Are you in the Military and thinking about pursuing an industry credential?

Today we have the privilege of hosting a second post from CPT Mitch Olson who recently began his transition out of the Army. His insight on credentialing is invaluable for anyone considering industry credentials for career-related skills or as part of a transition.

Whether you are a careerist or are a one term Service Member, you have the opportunity to utilize credentialing resources during your time in your respective service. 

First, if you are wondering “what is credentialing?” see the definition below from http://www.Monster.com:  

Credentialing is basically a certification that tells an employer that you possess the skills that are required in order to perform a certain job…The two primary types of credentials are:

  • A license, issued by a political entity such as the local, state or federal government, which allows an individual to practice a specified occupation.
  • A certificate, issued by private organizations that maintain skill-set standards, which documents an individual’s capabilities.

(https://www.monster.com/career-advice/article/qualify-your-military-training

If credentialing sounds like something you would be interested in, then this article is for you! 

First, you should look at what credentials you may already qualify for based on your current job in the military. For example, when I graduated from a Professional Military Education school in the Army, I was eligible to apply for an industry certification based on my work experience. It wasn’t automatic, but I was awarded the designation based off of my work experience. This is as easy as asking a mentor, your Education Center, or a google search. 

When you can’t find what you may already qualify for OR you are transitioning and looking for a new career or new credentials,  check out “O Net Online,” which is sponsored by the U.S. Department of Labor. This site was highlighted in my Transition Assistance Program (TAP) coursework and is an incredible resource for both careerists and transitioning service members to research their current job description, outlook for that job/industry, and provide the tools and functionality to research new careers. To search careers, use the “Quick Search” bar in the middle of the page and follow the steps below:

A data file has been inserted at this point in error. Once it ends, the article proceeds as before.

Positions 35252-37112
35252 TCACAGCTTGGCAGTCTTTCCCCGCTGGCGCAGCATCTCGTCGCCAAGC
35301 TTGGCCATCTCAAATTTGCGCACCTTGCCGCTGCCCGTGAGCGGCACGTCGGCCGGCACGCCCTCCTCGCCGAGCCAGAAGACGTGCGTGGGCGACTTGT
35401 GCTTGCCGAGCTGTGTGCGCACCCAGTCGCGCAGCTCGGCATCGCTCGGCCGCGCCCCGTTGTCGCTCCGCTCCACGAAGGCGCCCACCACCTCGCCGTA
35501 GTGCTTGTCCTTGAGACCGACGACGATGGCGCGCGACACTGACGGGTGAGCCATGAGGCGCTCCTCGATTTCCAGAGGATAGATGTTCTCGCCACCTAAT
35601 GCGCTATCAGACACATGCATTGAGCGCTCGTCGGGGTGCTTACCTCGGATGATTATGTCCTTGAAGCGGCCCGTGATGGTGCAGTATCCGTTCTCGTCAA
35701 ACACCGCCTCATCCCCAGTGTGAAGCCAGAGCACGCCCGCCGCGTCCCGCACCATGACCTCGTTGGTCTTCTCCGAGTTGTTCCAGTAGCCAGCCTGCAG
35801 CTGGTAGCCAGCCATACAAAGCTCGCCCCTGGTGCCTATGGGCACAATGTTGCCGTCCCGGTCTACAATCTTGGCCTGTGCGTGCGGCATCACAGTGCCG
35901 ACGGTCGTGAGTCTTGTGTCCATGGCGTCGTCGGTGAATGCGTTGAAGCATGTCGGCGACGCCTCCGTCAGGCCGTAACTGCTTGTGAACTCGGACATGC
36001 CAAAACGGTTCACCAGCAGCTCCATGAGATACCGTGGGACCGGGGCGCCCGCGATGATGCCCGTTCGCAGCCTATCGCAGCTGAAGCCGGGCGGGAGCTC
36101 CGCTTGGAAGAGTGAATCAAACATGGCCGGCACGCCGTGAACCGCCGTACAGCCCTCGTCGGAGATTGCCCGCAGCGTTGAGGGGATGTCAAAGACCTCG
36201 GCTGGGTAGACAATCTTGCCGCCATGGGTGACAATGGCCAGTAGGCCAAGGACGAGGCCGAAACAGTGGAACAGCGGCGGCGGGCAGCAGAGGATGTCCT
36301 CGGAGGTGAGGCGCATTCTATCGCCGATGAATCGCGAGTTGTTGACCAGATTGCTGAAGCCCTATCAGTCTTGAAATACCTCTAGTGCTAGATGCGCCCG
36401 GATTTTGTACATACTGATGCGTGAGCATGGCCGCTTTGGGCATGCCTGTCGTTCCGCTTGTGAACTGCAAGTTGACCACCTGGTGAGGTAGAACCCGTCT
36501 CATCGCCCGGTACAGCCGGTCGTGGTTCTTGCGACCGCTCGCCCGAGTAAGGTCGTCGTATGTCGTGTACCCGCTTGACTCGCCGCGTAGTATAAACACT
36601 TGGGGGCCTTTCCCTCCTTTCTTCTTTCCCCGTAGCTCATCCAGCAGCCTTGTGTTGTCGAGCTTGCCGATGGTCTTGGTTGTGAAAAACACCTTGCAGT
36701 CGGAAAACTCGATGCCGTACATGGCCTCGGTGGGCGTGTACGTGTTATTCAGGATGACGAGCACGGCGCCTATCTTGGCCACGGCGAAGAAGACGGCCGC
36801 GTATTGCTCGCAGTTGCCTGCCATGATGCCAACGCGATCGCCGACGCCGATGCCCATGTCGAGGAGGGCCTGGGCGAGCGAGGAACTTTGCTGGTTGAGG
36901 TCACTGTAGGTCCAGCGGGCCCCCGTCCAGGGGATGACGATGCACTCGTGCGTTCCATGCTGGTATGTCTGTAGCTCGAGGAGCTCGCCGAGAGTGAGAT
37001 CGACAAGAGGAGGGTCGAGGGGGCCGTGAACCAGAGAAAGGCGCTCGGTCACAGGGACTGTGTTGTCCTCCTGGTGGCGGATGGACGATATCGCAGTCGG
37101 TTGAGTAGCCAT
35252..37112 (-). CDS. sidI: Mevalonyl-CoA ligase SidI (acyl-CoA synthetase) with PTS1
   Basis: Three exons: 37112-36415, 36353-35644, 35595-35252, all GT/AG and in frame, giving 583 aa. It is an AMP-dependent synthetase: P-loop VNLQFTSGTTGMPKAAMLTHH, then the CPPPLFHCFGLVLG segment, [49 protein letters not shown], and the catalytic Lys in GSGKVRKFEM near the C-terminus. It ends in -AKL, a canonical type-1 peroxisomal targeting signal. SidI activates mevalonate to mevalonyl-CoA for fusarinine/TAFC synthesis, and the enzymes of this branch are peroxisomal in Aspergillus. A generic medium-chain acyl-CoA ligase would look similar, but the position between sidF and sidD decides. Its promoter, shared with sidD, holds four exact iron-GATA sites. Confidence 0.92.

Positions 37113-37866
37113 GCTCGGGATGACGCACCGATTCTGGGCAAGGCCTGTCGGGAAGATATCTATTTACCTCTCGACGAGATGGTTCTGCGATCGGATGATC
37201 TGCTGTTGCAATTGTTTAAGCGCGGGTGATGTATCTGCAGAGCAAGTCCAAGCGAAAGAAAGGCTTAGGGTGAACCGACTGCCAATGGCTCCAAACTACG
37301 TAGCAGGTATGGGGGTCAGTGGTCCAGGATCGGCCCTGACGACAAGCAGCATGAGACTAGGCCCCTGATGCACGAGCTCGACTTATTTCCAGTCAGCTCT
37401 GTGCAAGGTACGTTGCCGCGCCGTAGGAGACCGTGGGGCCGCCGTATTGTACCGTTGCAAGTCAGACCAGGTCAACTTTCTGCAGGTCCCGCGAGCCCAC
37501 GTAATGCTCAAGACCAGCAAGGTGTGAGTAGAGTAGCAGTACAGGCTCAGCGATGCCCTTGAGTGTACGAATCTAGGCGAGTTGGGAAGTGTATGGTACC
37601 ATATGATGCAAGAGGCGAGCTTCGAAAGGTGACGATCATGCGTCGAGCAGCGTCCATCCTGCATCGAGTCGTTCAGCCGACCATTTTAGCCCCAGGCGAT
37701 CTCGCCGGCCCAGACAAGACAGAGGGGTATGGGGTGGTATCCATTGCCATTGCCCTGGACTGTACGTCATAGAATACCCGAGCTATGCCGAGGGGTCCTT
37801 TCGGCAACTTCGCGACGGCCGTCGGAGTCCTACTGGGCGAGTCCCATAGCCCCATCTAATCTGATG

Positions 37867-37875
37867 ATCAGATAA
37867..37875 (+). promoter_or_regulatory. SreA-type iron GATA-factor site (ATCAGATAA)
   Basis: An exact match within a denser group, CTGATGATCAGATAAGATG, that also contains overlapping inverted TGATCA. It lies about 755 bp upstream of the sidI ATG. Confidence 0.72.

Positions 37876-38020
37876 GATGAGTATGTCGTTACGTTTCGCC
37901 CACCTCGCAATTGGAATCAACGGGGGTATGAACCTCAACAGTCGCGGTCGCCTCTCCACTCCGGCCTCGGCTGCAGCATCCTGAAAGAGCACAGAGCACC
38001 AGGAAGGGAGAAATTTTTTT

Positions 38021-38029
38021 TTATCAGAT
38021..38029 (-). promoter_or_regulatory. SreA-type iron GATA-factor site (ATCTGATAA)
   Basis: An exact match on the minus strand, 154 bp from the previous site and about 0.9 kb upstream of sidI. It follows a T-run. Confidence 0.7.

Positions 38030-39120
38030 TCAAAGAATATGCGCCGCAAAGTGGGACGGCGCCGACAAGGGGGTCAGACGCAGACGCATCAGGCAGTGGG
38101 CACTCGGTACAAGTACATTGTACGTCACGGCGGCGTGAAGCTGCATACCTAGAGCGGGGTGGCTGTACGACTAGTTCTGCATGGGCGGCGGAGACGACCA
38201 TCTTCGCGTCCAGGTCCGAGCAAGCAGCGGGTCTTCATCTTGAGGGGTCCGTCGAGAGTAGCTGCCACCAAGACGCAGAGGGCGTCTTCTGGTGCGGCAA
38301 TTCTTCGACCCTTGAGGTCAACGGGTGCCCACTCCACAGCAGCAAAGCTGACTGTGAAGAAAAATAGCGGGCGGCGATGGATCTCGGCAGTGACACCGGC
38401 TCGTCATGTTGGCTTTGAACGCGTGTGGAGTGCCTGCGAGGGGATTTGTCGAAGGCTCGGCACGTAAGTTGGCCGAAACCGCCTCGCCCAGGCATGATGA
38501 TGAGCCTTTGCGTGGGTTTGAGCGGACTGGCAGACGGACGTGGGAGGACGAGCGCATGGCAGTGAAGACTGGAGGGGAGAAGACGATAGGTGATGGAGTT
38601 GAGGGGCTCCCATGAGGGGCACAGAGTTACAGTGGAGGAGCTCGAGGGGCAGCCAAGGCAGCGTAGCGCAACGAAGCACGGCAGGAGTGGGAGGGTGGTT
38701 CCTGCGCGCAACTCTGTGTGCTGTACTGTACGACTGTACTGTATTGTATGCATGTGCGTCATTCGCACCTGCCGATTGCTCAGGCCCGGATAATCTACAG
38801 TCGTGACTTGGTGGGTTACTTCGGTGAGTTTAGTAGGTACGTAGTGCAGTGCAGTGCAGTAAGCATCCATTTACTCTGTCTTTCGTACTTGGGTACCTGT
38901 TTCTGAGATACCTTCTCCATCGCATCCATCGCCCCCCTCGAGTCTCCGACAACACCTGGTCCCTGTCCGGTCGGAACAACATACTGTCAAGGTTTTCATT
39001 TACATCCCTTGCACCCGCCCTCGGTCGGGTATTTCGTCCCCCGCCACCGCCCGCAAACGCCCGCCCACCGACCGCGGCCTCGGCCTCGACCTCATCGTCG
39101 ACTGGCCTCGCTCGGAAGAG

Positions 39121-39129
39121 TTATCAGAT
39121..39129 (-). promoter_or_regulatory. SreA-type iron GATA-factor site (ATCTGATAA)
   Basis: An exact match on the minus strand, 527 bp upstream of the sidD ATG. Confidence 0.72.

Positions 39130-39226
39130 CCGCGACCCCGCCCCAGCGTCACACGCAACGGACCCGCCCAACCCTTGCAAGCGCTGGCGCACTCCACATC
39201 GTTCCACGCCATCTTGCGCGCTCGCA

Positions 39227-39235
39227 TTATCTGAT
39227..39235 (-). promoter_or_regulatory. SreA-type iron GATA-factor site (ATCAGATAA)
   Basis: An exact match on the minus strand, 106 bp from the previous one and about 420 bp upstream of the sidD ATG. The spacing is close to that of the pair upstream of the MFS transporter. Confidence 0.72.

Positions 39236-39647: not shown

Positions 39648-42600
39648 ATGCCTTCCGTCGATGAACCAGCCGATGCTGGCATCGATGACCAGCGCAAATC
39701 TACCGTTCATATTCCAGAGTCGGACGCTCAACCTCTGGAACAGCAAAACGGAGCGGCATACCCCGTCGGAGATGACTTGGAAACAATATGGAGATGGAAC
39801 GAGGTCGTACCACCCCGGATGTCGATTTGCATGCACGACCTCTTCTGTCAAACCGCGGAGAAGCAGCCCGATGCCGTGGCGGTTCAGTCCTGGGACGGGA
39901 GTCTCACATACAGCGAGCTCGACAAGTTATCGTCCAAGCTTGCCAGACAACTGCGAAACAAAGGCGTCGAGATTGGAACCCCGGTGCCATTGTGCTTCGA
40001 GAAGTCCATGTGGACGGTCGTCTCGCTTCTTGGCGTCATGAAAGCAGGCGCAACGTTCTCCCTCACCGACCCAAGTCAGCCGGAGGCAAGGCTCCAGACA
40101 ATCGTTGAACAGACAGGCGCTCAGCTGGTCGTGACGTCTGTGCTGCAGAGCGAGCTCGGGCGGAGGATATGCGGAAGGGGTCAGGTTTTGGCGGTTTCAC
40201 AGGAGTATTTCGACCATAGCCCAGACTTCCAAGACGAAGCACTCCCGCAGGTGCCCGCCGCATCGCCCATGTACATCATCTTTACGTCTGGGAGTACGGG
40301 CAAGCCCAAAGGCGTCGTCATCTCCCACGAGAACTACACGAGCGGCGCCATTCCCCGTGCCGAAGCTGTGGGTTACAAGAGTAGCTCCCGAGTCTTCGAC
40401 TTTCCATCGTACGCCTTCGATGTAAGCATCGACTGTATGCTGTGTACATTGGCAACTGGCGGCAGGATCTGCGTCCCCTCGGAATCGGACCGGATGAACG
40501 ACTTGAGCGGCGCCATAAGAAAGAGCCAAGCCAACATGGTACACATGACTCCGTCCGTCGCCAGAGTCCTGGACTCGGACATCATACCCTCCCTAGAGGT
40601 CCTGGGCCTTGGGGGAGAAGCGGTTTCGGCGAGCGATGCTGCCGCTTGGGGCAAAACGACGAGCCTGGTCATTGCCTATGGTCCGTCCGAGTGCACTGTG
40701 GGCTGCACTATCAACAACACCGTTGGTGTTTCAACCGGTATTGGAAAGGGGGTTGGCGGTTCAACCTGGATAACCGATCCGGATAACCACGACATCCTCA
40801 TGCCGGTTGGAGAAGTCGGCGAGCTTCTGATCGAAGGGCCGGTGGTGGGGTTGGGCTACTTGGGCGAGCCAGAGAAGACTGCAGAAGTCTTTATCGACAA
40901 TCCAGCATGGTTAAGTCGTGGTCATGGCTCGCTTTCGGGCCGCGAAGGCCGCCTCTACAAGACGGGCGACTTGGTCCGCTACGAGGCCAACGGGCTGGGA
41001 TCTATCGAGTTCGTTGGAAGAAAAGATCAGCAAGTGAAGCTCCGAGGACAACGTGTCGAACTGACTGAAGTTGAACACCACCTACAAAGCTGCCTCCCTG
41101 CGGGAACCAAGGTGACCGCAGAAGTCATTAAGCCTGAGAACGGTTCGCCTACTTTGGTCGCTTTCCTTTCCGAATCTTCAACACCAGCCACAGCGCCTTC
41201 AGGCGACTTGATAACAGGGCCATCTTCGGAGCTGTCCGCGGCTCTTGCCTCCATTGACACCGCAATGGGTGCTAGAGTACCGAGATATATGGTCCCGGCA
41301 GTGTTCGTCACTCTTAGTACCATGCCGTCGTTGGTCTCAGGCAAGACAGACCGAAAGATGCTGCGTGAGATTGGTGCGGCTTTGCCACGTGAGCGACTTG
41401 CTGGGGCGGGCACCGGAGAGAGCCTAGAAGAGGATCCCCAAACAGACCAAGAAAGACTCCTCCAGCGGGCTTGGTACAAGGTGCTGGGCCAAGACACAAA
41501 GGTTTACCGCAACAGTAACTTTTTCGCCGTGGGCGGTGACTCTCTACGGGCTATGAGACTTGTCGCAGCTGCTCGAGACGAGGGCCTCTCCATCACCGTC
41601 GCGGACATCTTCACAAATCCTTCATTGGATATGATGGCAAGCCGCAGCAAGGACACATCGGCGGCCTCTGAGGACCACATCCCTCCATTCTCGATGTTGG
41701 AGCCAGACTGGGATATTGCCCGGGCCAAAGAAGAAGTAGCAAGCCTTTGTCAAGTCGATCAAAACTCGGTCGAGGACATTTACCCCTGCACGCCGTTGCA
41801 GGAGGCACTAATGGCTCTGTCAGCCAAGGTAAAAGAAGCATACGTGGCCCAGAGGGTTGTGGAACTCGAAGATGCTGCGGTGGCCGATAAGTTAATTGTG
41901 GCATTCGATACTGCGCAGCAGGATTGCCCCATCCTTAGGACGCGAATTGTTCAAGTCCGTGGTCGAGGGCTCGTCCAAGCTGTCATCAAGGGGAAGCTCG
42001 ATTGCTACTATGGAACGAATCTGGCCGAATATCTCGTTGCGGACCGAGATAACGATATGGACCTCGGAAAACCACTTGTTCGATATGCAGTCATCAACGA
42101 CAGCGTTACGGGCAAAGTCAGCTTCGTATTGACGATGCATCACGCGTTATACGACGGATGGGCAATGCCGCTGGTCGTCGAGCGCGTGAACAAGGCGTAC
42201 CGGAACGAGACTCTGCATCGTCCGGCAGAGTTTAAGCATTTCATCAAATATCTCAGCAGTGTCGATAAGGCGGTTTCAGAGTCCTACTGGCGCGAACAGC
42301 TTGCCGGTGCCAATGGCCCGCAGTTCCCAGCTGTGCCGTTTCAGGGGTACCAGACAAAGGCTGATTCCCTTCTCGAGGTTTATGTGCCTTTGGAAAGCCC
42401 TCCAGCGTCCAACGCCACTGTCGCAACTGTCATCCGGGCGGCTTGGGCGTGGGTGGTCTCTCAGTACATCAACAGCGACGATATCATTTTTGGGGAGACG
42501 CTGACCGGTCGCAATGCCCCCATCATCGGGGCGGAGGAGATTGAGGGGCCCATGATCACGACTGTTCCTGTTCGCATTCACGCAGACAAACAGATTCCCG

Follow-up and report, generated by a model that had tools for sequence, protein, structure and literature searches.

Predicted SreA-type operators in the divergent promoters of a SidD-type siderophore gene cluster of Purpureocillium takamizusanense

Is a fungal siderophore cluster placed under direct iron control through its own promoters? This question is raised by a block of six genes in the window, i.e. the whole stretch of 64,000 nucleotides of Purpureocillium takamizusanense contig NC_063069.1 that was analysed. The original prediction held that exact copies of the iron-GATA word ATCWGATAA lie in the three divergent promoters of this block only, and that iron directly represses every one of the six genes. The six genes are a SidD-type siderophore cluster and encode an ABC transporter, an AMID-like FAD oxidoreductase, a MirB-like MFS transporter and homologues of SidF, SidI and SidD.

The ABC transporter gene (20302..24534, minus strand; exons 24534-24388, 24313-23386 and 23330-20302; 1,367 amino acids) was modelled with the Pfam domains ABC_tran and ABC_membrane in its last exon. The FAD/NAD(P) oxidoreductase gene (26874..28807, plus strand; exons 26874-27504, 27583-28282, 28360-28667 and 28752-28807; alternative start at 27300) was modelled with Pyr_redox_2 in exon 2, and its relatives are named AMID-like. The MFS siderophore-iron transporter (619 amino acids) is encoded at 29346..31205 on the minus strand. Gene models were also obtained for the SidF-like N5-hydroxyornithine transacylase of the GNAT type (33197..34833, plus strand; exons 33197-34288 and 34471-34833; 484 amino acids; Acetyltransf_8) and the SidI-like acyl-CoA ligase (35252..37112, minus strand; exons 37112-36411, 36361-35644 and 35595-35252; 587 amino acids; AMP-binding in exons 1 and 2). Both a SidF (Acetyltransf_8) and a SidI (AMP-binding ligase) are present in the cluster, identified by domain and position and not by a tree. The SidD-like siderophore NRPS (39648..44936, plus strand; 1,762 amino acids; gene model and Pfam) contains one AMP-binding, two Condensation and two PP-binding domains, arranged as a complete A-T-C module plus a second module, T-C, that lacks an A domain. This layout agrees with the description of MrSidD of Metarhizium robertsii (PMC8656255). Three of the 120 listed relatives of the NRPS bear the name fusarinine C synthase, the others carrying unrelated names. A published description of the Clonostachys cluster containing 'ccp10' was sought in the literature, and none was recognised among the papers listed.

1. type your current job title or MOS, which will provide you a list of occupations that match some or all of your current job’s duties and responsibilities. 
  2. From there, click on an occupation and scroll to the bottom of the page until you find the “Credentials” section of the page. 
  3. Click on “Find Certifications” link and you now have a list of all recommended credentials with information on the certifying organization and general information to get you started on your credentialling pathway. 

If you wanted to skip the “O Net Online” portion for steps 1 and 2 above (not recommended), the link for step 3 above is located at “Career One Stop; Credentials Center” which is an external link to “O Net Online” but is still sponsored by the U.S. Department of Labor. 

Credential such as those for cyber security may prove invaluable in the transition process.

Quick Note for Service Members who are transitioning, if you get to Step 2 above, “O Net Online” provides information on your selected occupation that is crucial when looking for civilian employment:

  • Tasks
  • Technology Skills 
  • Knowledge
  • Skills 
  • Abilities
  • Work Activities 
  • Work Context 
  • Job Zone
  • Education
  • CREDENTIALS
  • Interests
  • Work Styles 
  • Work Values 
  • Related Occupations 
  • Wages and Employment Trends 
  • Job Openings 
  • Sources of Additional Information

Regardless of when you plan to transition from the Military, “O Net Online” is a tool that you should go and bookmark on your web browser right now. I can’t tell you how many hours I have spent online researching across multiple sources to find the data that “O Net Online” compiles on one site for you. This is a must have for Service Members to “put in their toolkits” not only for career progression inside the military, but outside as well. 

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Sources: 

https://www.monster.com/career-advice/article/qualify-your-military-training

https://www.onetonline.org/

https://www.careeronestop.org/Credentials/default.aspx

Categories Education, Transition, UncategorizedTags , , , , ,

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